i don't really have this problem - i think partly because i tend to think up solutions when i'm asleep or in the shower the next day anyway. once you realise this, and trust it (which i guess is the hard part) it's more like "ok, unconsciousness, this is your problem now; i'll go and read reddit or whatever."

another way of saying the same thing: what's driving you to search for a solution is the fear that you won't have a solution next day. but generally, if you get a good night's sleep you *do* have a good solution. so why worry? more than that: it's better not to worry.

also, stop trying to solve problems by running round in circles like a squirrel on speed, playing with every little detail until it works. that's a really dumb way to solve problems. it causes more work than it helps. take things slowly, and wait - don't write anything - til the idea is clear in your mind. and, again, experience will show that getting things clear in your mind is best done by relaxing.

in short: think of relaxing as something positive. something you actively do as part of solving the problem. know and trust yourself.
posted by andrewcooke at 12:06 PM on September 20, 2016 [3 favorites]


Reward and celebrate when your lizard brain (unconscious) solves a problem in the morning. To do that fill up the front worry wort brain with details, explicitly telling it to NOT TRY to find a solution. Remind that front brain that the lizard is really part of it and it's important to feed the lizard overnight.

oh and generic nyquil :-) (infrequently)
posted by sammyo at 12:27 PM on September 20, 2016


"It is amazing how much both happiness and efficiency can be increased by the cultivation of an orderly mind, which thinks about a matter adequately at the right time rather than inadequately all the time."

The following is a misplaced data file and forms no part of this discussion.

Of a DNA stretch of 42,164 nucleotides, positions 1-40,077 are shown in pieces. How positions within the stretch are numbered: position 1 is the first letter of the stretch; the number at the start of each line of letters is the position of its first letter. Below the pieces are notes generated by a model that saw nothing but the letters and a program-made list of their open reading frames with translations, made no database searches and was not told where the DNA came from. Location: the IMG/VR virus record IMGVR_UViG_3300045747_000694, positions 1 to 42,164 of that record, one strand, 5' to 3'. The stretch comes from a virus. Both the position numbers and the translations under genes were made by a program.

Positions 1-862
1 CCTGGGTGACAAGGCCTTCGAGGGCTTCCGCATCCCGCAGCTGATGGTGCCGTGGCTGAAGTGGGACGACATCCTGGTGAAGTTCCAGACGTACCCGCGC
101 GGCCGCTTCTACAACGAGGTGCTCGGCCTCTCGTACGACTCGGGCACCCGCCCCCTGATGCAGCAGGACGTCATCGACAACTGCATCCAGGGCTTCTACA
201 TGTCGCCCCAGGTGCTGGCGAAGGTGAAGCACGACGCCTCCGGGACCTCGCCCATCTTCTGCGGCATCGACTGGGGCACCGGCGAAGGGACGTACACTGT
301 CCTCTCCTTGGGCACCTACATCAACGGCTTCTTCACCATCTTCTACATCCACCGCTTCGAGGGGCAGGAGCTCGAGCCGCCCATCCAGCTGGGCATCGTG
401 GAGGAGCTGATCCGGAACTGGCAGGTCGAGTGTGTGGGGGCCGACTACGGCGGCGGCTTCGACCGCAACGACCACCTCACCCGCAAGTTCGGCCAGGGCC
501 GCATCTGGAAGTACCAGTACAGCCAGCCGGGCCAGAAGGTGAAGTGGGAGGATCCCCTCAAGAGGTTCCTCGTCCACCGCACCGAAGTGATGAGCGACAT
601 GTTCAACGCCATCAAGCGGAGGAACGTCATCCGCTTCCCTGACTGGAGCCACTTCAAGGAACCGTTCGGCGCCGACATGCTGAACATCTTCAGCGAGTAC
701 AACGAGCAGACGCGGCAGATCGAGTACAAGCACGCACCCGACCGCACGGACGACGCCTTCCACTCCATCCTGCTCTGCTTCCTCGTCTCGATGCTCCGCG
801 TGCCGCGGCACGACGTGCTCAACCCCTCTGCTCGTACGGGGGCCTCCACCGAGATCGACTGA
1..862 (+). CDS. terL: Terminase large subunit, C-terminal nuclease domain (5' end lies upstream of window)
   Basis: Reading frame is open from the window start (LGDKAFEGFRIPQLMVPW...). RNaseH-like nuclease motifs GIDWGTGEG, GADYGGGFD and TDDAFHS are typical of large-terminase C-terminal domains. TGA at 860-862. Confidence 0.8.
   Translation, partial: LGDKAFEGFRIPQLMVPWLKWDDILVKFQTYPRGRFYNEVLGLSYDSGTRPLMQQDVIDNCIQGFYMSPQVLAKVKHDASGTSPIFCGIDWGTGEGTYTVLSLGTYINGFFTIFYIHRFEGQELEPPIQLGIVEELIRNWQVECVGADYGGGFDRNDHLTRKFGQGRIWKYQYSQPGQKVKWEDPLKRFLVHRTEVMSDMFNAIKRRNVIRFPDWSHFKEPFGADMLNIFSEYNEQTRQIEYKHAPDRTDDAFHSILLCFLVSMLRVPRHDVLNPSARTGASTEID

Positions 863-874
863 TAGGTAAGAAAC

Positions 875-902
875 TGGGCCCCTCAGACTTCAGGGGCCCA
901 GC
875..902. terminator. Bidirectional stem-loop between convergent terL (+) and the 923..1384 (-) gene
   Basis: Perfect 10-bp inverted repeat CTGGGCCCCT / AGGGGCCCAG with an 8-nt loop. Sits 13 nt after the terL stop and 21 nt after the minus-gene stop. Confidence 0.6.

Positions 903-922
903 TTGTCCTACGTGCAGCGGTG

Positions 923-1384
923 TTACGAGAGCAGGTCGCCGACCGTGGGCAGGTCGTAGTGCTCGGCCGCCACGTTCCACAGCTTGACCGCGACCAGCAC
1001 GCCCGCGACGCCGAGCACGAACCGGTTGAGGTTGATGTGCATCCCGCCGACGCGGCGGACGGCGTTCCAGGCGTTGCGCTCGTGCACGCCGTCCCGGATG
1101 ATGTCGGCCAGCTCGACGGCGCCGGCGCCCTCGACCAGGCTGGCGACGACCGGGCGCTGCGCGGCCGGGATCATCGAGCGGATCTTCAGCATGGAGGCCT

Bertrand Russell, Conquest of Happiness
posted by wittgenstein at 3:01 PM on September 20, 2016


This might be of use, with their science here. I've actually found it to sometimes be of help when my mind won't stop with linear problem-solving.
posted by WCityMike at 3:24 PM on September 20, 2016


The last thing I do before I leave my desk is write down where I'm at. Writing on a piece of paper:
What is working, what is not working, at what point it is breaking or I think it is breaking and what I might check for in the morning. If I'm debugging and I'm curious about a particular line of code to check in the morning, I'll put a "zzz" in the front of it (so it doesn't compile and I know where to start looking). This way I don't have to remember anything, I can let it all go for the evening. It only took my about 20 years to be able to let it completely go. Good luck.
posted by falsedmitri at 7:08 PM on September 20, 2016


In addition to the excellent advice on brain-dumping the problem somewhere before you stop, I'd advise keeping both physical and mental separation from your "work" spaces and "rest" spaces. Try to avoid doing work where you sleep or relax, and allow yourself some time to decompress before you try to sleep. Occupy yourself with something relatively mindless but distracting enough to keep your thoughts from wandering back to the problem; usually watching videos does this for me (I find Bob Ross videos are a very good sleep aid), but things like chores or reading or playing low-stress games might do it for you. Melatonin taken about an hour before you want to go to bed might also help.

Also, if I've been at a problem for too long without a break, I know for a fact my output suffers in quality. View all this as a way to do future you a favor, both in terms of tiredness, and in terms of not writing dumb, hacky code that you don't remember exactly how it works.
posted by Aleyn at 9:09 PM on September 20, 2016


If you have trouble falling asleep once your head hits the pillow, there are some really good guided meditations available from Insight Timer, which is a smartphone app. I use it nearly every night.

This is my favorite guided meditation to fall asleep to; it's available on the app, and also on YouTube. It's by Franko Heke: True North Guided Sleep Meditation.
posted by spinifex23 at 1:18 AM on September 21, 2016


Great suggestions above. I also try to cultivate other things to think about when my mind churns at night - something calming and relaxing that also lends itself to focus: "you are in a forest/on a beach/in an inn in a tiny village - carefully imagine and describe everything in your calm, peaceful environment, in great detail." That can help.

If that doesn't work, I find that BBC podcasts (In Our Time is perfect) give my mind something else to focus on, and the (usually) calm voices lead me right into sleep.
posted by kristi at 9:38 AM on September 23, 2016